Immune function and affective states following a natural disaster

Psychol Rep. 2002 Apr;90(2):521-4. doi: 10.2466/pr0.2002.90.2.521.


Although natural disasters sometimes strengthen community ties, it was hypothesized that the negative affect following a hurricane would lower evaluations of strangers. This hypothesis was tested by having 105 students evaluate an individual that they had just met following Hurricane Andrew. The hypothesis did not receive support, but students living in storm-damaged neighborhoods expressed more negative affect than those living in less damaged neighborhoods. Regression analyses also disclosed that severity of a disaster predicted concentrations of immunoglobulin A in saliva. The results suggest that salivary immunoglobulin A can be used to assess the health consequence of disaster exposure.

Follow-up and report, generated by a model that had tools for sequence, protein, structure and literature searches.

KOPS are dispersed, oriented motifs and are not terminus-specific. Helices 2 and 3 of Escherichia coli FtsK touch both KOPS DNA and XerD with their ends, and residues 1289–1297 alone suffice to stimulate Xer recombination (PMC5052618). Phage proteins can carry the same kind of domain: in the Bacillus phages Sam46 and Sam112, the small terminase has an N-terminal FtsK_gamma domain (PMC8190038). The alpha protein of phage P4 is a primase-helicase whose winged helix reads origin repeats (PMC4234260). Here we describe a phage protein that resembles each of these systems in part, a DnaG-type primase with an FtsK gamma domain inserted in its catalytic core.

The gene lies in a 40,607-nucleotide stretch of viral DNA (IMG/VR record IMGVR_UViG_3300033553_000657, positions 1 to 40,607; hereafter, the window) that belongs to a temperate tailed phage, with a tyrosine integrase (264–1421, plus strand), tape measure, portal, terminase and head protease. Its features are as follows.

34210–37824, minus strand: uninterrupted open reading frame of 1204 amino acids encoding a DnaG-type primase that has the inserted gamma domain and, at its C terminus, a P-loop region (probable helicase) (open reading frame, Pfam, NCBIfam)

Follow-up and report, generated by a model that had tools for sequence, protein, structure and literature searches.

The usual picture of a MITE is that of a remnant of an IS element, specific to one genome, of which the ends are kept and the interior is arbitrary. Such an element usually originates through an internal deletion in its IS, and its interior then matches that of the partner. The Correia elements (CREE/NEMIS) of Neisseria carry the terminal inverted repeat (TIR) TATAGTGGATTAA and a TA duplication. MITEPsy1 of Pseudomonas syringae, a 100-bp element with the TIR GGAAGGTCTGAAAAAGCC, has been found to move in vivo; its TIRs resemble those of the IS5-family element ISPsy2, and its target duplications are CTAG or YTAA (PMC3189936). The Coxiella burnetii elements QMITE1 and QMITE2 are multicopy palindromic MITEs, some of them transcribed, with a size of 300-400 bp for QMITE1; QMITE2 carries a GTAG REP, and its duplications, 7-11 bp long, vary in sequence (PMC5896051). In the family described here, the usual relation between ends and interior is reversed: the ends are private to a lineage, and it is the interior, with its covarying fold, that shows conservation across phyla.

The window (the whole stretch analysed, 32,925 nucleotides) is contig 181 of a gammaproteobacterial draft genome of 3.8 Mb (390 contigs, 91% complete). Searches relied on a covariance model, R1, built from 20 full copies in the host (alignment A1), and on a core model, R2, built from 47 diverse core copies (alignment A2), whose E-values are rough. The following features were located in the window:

Publication types

  • Research Support, U.S. Gov't, Non-P.H.S.

MeSH terms

  • Adolescent
  • Adult
  • Disasters*
  • Female
  • Humans
  • Immunoglobulin A / analysis*
  • Male
  • Middle Aged
  • Mood Disorders / immunology*
  • Mood Disorders / psychology*
  • Saliva / chemistry*
  • Time Factors


  • Immunoglobulin A